Our recent patent announcement for DRYV Moisture Control Technology has generated a lot of interest from the media - and not only the basketball press and bloggers. One of the first articles about the granting of the patent was authored by FORBES magazine contributor Darren Heitner, who wrote:
"Today, POINT 3 Basketball announced that it has been granted U.S. Patent 8,769,716 on its invention. It could just be another piece of intellectual property or turn out to be a real game changer in the athletic apparel industry."
We obviously believe the latter - that what POINT 3 has invented is a real game changer. Seriously, how many times have you had to leave the court to dry off in the middle of practice or a game?
NOT ONLY ABOUT BASKETBALL
While POINT 3 is always about the ballplayer, the fact is that DRYV Moisture Control Technology can easily be applied to many other sports. As Heitner wrote, that changes the potential "size of the prize":
"Therein may lie the game changer. If the technology has beneficial uses with garments in other sports or even beyond sports as an industry, the patent could turn into a major cash cow for POINT 3."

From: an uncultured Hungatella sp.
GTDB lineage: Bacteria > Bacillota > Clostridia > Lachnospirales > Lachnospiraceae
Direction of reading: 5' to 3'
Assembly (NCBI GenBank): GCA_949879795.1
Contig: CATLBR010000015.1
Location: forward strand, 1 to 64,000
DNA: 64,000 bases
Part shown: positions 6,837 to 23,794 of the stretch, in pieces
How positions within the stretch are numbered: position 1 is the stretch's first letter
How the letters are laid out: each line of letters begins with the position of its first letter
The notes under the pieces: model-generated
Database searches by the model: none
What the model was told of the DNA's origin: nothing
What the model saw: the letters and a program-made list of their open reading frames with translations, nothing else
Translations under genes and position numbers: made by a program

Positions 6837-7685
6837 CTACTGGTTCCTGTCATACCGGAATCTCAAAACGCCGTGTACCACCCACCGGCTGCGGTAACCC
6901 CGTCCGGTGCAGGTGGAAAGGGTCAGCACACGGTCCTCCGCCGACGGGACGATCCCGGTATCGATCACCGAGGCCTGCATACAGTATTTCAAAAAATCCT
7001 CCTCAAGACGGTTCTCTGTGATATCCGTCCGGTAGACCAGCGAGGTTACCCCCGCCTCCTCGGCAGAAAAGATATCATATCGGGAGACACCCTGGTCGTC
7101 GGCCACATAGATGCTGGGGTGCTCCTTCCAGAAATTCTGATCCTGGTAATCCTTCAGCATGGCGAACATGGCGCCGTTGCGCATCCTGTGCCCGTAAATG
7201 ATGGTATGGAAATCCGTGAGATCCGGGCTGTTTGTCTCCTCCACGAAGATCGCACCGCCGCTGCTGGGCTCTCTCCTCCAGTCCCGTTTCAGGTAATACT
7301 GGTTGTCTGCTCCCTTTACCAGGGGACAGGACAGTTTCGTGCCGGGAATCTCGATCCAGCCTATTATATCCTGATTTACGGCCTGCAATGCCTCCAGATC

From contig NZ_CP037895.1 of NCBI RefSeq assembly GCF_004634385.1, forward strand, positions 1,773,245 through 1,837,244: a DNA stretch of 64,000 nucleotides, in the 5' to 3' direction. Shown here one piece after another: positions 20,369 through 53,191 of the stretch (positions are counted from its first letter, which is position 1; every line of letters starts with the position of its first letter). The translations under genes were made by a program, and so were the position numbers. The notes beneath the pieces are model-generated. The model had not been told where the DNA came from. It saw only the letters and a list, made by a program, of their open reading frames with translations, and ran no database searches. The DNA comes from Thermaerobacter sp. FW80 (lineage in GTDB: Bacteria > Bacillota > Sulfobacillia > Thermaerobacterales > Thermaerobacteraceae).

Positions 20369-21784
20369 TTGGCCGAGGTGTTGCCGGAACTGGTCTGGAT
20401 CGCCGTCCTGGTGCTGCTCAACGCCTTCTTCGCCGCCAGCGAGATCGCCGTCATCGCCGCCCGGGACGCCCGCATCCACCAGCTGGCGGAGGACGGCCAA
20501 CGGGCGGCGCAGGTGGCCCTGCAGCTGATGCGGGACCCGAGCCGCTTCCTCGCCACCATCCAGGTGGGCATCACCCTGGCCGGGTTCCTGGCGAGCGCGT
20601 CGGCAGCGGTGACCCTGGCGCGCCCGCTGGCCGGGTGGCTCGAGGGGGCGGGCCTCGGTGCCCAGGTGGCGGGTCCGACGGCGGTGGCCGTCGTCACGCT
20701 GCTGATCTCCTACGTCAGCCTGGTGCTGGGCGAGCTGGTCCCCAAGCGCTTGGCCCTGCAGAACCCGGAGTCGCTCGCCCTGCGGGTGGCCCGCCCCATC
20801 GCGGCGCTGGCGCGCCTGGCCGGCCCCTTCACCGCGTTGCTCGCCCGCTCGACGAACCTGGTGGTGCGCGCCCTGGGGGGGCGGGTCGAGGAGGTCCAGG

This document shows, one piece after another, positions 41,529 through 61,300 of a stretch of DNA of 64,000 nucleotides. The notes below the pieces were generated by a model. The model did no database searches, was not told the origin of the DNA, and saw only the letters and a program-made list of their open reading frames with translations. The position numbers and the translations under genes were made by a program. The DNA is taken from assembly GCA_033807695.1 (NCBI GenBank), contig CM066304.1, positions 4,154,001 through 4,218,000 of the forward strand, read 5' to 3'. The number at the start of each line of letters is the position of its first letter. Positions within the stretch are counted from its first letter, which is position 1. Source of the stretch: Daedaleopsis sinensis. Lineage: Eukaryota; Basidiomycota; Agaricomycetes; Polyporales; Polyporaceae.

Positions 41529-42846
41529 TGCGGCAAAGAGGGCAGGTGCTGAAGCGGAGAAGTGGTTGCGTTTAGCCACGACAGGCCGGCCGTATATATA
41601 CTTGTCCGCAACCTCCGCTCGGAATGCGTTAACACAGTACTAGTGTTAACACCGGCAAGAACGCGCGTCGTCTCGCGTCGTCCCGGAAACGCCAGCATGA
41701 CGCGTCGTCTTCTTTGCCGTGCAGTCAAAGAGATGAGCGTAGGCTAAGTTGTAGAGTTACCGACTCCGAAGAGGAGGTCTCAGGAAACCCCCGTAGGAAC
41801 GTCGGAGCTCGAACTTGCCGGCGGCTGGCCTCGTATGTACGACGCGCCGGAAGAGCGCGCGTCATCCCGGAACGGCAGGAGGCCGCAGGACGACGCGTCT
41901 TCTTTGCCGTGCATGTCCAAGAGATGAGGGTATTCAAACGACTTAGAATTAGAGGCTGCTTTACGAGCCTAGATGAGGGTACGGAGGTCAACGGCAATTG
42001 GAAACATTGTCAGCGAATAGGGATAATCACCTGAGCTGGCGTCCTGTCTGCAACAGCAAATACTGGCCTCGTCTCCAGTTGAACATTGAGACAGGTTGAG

To back that up, check out this weekend's article from the New York Times' Harvey Araton: "Weary of Pro Tennis Delays? Cry Into the Towel."
While Araton's angle is more about the delays caused in tennis by players constantly toweling off between points, the fact is that managing your sweat has become part of the sport:
"Few would challenge the argument of the pro-turned-commentator Justin Gimelstob, who said: “The sport has changed; it’s more physical and the rallies are longer. In the summer, try serving to Novak Djokovic when you are dripping wet off your hat, shirt, shoes and shorts.”
Check out the short video clip put together by the New York Times, and you get a sense of what toweling off looks like on the tennis court.
WHAT'S YOUR TAKE?
What do you think about the whole aspect of toweling off? Do you do it when you're playing ball or playing other sports? How do you manage your sweat?
Let us know by commenting here or give us a shoutout on Twitter with the hashtag #OnCourtNoSweat.